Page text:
One reason why Mr Blair will get more than he deserves
The Prime Minister began his election campaign with a tactical coup. He put himself beyond the reach of parody. Parody can only work if it is rooted in verisimilitude. There was none of that in Mr Blair's performance in the south London school hall.
No self-respecting editor would have accepted it as a script for a satire programme. 'Come on,' he would have said. 'I know you despise him and think him unutterably shallow. But there are limits.' Not where Tony Blair is concerned. In 1992, it took Neil Kinnock three weeks of campaign intoxication to work up to the Sheffield rally enormity. On Tuesday, Mr Blair began where Sheffield left off. He clearly believes that Sheffield was a flat affair, that the Kinnock speech had too much intellectual content, and that there was not nearly enough crowd hysteria.
We shall have plenty of that over the next few weeks, for Mr Blair is determined to patronise the electorate. But will it work? A journalist asked a black child what she thought of Tony Blair's speech. 'Pack o' lies' was the answer. Perhaps that girl is not a lone voice. If Mr Blair spends the next four weeks performing like an American televangelist in urgent need of a drug test, he will certainly deserve to lose the election.
There are more substantial reasons to wish for a Labour defeat Europe, the public finances and the public services. Despite recent events, the Foreign Office is not just a tame travel agent for the editor of the Sun. This government has a foreign policy, albeit a covert one. Mr Blair wants to take us into the euro, as part of a federalising project which would ensure that no future prime minister would be able to run an independent foreign policy.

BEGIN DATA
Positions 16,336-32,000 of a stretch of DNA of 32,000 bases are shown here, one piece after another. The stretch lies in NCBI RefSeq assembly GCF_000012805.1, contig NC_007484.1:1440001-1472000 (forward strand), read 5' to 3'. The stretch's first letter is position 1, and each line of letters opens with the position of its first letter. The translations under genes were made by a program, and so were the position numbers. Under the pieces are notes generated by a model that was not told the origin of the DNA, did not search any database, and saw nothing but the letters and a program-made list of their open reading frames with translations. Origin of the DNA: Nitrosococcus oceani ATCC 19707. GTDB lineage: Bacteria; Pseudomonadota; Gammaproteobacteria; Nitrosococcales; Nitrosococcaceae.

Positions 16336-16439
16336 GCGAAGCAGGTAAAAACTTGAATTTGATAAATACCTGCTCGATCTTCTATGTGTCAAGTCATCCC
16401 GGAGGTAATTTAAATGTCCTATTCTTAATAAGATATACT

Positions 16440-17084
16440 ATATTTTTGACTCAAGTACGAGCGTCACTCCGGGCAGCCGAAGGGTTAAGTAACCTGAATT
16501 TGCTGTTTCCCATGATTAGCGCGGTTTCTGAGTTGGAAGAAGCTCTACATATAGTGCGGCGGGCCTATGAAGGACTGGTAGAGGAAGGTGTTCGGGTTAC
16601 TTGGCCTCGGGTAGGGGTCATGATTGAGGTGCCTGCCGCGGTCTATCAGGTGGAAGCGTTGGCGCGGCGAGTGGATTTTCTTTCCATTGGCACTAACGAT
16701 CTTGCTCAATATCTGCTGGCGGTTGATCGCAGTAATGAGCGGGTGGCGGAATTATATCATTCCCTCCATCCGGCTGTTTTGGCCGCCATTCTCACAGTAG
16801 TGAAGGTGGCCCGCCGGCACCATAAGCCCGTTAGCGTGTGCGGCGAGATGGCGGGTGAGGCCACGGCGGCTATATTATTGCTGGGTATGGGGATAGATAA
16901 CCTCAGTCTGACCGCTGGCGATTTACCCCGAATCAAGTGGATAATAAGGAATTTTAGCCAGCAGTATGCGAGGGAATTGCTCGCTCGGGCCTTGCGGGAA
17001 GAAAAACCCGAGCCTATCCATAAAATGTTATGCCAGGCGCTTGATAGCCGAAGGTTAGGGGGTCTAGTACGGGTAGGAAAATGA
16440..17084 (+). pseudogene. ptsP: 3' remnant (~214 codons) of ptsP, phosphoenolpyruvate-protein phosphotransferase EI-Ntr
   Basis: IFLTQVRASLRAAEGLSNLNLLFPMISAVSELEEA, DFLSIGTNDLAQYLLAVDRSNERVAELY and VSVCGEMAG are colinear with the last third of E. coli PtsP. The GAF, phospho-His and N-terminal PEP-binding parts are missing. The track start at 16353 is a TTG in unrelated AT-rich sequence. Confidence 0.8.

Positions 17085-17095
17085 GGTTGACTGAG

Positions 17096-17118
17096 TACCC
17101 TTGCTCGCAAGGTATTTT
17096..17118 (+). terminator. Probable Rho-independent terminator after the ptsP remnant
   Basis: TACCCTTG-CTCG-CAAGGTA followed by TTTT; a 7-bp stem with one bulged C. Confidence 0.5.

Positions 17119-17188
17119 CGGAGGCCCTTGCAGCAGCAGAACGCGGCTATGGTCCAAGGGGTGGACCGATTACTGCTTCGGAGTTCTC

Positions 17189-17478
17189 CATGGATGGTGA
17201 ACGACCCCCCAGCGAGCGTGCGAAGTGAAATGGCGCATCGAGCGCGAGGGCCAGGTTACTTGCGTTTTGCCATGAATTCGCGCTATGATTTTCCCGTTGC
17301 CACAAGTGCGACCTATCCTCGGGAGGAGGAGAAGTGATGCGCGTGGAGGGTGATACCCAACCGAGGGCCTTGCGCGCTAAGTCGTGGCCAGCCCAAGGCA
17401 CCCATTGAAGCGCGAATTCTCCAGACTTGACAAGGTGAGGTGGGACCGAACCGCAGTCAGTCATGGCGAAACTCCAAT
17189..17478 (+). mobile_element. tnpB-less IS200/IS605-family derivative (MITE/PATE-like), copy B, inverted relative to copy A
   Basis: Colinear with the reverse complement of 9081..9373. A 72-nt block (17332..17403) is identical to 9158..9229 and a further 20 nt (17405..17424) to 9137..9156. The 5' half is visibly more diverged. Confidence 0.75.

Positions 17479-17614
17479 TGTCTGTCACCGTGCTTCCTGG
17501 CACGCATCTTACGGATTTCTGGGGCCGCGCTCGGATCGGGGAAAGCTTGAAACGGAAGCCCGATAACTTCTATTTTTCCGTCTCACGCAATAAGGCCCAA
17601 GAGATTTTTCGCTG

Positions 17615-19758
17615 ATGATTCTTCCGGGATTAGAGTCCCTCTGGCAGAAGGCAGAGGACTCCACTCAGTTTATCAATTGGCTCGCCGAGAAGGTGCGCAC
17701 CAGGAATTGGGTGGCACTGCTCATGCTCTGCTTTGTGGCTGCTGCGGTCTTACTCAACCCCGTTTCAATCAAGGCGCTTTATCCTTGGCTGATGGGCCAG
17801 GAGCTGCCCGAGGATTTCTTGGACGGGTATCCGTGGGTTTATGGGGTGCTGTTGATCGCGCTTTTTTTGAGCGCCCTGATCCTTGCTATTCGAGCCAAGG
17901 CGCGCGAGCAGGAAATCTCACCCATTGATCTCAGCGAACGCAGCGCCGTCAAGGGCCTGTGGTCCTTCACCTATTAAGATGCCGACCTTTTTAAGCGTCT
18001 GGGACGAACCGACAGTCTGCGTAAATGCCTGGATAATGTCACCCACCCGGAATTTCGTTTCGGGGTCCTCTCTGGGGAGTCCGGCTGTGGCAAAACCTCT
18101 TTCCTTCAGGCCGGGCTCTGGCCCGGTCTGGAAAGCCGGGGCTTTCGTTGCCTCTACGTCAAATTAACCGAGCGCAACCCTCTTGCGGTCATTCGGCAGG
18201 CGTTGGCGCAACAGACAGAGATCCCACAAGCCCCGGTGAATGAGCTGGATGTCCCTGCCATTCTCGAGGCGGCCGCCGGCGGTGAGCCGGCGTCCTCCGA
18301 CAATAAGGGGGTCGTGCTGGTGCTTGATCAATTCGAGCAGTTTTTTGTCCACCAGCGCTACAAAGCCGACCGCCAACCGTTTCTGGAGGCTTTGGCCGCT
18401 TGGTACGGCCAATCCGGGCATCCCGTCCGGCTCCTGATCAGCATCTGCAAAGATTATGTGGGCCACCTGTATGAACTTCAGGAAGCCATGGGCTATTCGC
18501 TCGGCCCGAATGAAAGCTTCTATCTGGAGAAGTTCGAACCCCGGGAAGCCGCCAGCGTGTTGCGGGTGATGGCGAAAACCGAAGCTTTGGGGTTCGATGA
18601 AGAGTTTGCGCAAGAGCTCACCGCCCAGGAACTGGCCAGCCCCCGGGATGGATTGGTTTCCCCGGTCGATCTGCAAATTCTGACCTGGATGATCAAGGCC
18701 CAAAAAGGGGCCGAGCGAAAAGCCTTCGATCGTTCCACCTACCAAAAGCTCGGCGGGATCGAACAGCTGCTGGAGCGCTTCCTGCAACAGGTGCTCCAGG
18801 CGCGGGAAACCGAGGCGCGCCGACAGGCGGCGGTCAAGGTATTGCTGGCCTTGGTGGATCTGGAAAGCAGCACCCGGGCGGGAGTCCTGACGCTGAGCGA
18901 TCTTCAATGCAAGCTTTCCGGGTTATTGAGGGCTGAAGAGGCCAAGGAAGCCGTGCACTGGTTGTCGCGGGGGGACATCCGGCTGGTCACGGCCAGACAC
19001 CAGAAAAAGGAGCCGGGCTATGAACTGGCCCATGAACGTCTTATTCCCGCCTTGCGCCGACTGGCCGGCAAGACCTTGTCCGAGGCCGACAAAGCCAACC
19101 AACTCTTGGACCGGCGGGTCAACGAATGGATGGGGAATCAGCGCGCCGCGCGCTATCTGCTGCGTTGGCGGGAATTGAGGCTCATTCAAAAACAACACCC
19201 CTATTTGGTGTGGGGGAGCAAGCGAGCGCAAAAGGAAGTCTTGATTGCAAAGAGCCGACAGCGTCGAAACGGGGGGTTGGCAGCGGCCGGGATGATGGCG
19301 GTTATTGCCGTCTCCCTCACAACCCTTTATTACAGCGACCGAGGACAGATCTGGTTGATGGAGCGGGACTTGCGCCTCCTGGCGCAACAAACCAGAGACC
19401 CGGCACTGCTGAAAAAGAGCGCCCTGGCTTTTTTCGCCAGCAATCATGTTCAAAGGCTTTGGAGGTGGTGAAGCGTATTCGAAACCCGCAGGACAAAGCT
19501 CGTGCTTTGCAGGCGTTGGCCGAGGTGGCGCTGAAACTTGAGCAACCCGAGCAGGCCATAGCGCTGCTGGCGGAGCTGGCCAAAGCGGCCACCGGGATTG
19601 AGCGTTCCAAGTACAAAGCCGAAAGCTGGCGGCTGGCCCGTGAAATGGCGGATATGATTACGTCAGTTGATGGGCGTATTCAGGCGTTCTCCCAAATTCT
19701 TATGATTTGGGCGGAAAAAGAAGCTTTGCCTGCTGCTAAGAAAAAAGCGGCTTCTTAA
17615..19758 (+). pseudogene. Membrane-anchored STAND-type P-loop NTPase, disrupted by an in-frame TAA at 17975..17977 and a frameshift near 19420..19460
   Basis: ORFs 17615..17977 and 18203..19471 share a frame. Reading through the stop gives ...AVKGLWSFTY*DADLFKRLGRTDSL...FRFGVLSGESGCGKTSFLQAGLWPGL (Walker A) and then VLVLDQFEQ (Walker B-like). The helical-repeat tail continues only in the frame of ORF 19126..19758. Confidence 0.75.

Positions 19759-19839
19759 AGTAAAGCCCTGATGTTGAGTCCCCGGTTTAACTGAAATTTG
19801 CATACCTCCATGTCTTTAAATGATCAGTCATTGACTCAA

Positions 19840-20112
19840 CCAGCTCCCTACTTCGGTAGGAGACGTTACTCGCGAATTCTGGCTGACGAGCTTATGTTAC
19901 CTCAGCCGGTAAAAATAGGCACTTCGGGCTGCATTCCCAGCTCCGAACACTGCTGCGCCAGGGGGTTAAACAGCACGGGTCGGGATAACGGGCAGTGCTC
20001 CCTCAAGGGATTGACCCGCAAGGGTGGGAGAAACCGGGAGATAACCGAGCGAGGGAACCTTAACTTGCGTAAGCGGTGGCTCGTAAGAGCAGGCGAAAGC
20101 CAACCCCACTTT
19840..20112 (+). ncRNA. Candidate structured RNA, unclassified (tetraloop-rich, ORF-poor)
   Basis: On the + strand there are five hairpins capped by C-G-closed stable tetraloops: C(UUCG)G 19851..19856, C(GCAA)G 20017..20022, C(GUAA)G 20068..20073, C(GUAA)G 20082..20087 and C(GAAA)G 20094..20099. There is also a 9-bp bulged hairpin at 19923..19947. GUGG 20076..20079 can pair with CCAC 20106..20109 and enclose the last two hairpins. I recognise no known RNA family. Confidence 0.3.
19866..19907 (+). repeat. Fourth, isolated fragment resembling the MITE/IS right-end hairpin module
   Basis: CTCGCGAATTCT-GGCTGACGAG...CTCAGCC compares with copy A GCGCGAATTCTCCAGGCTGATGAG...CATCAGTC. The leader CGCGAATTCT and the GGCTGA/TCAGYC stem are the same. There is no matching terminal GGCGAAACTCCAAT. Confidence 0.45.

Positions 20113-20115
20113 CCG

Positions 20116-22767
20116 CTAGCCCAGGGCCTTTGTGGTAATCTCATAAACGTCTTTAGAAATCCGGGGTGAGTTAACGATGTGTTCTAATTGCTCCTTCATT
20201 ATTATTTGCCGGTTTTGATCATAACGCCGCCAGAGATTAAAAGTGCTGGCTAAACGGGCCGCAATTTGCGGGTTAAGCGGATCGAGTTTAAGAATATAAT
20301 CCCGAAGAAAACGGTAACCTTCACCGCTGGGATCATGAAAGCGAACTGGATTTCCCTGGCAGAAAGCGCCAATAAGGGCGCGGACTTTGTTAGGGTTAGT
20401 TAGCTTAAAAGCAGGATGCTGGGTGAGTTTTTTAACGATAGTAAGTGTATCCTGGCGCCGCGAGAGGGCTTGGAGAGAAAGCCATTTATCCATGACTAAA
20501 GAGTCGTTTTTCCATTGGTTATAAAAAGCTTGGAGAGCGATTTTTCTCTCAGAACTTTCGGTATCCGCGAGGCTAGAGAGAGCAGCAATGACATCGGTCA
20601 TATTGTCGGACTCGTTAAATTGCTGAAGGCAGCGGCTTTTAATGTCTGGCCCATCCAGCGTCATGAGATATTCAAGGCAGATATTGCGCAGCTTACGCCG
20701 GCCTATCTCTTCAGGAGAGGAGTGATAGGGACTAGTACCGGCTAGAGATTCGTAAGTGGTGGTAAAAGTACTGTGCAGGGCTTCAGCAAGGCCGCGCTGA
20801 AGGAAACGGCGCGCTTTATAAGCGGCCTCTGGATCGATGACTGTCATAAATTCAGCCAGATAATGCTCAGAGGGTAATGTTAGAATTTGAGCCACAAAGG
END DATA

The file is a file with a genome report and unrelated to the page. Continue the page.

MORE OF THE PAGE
Admittedly, he has not yet been able to summon up the courage of his convictions. Before the last election, he assured European leaders that he would be the most pro-European PM since Ted Heath, and that all the ambiguities in Britain's relations with Europe would be resolved, favourably. Just let him win power first. Four years on, the date on the sandwich-board has been altered. It is now 'just let me win re-election first'. In response, some Europeans are becoming exasperated and beginning to doubt his sincerity. They are wrong. Mr Blair may have few principles, but Europe is one of them. If he wins another big
majority, he will try to put it into practice. There will be the most manipulated referendum campaign that has ever taken place in a democracy. Rupert Murdoch will be invited to name his price for the Sun's support. Mr Blair could still founder on the rock of the British people's desire for selfgovernment, but landslides can move rocks. If the PM has his way and the Tories suffer another heavy defeat, it is not inconceivable that he could spin Britain into the euro.
Unless he has already spun us into economic trouble. As a result of the Major government's endeavours, the Chancellor had more freedom of manoeuvre than any of his predecessors had enjoyed since the days when John Major was Chief Secretary. Mr Brown was in a position to cut taxes, repay debt and increase spending. But he has thrown that position away. Instead of cutting taxes, he has increased them, thus transferring resources from productive sectors of the economy to unproductive ones. It is desirable to reduce the National Debt, but not at the cost of undermining the finances of the British telecommunications industry. Above all, when the economy is already growing at near capacity, it is folly to increase public spending at a substantially higher rate than the growth of national income. That is bound to lead to trouble down the road.